Fascinating work by Forrest Wickman in Slate:
Toward the beginning of the 2012 comedy 21 Jump Street, Officer Jenko (Channing Tatum), a onetime cool kid, gives his partner some advice as they prepare to infiltrate the ranks of the cool kids at Sagan High. “You gotta one-strap it,” Jenko chides Officer Schmidt (Jonah Hill). Schmidt, a onetime nerd, is two-strapping—wearing his backpack over both shoulders. That is not, warns Jenko, what cool kids do.
This advice may sound obvious to all cool kids of a certain age, but when the officers make their debut at school, times have changed. Jenko’s attitude—“I don’t care about anything,” he announces—has gone out of style. The cool kids are into diversity, environmentalism, and, worst of all, trying. And symbolizing this generational sea change: “Everybody’s two-strapping it,” notes Schmidt.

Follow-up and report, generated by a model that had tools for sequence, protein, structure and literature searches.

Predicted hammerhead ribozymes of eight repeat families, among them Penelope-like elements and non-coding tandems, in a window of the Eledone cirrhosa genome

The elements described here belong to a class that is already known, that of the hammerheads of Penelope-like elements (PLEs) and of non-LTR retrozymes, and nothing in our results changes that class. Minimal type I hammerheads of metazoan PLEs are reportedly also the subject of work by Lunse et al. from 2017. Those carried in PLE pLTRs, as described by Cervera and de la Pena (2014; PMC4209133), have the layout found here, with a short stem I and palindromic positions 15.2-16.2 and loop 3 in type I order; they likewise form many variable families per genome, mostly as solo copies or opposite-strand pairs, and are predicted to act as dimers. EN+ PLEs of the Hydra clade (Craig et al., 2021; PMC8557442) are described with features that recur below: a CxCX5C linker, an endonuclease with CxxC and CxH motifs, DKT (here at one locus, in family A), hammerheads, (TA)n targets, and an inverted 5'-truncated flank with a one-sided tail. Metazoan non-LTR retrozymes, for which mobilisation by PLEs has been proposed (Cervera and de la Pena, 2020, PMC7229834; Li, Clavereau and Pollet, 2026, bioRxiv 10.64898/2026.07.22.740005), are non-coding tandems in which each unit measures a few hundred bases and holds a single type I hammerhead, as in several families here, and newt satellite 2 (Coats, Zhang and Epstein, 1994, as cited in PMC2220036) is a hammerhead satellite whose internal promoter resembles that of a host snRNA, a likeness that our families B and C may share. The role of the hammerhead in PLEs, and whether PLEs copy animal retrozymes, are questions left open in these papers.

When I first watched this scene, I thought: Funny bit, but is it right? I, like everyone cool (or trying to be cool) in my high school, one-strapped all the way. It was a foundational tenet of cool—you might argue about what kind of music was cool, or what clothes, or what hairstyles, but it was a given that one-strapping was the only way to wear a backpack. Is one-strapping really not cool anymore? And if so, how could something once so cool become so not? My search for the answer sent me on a quest in which I’d consult pediatric orthopedic surgeons, re-examine decades of pop culture, and track down the one consummately cool high-schooler from East Amherst, N.Y., who might have the answer.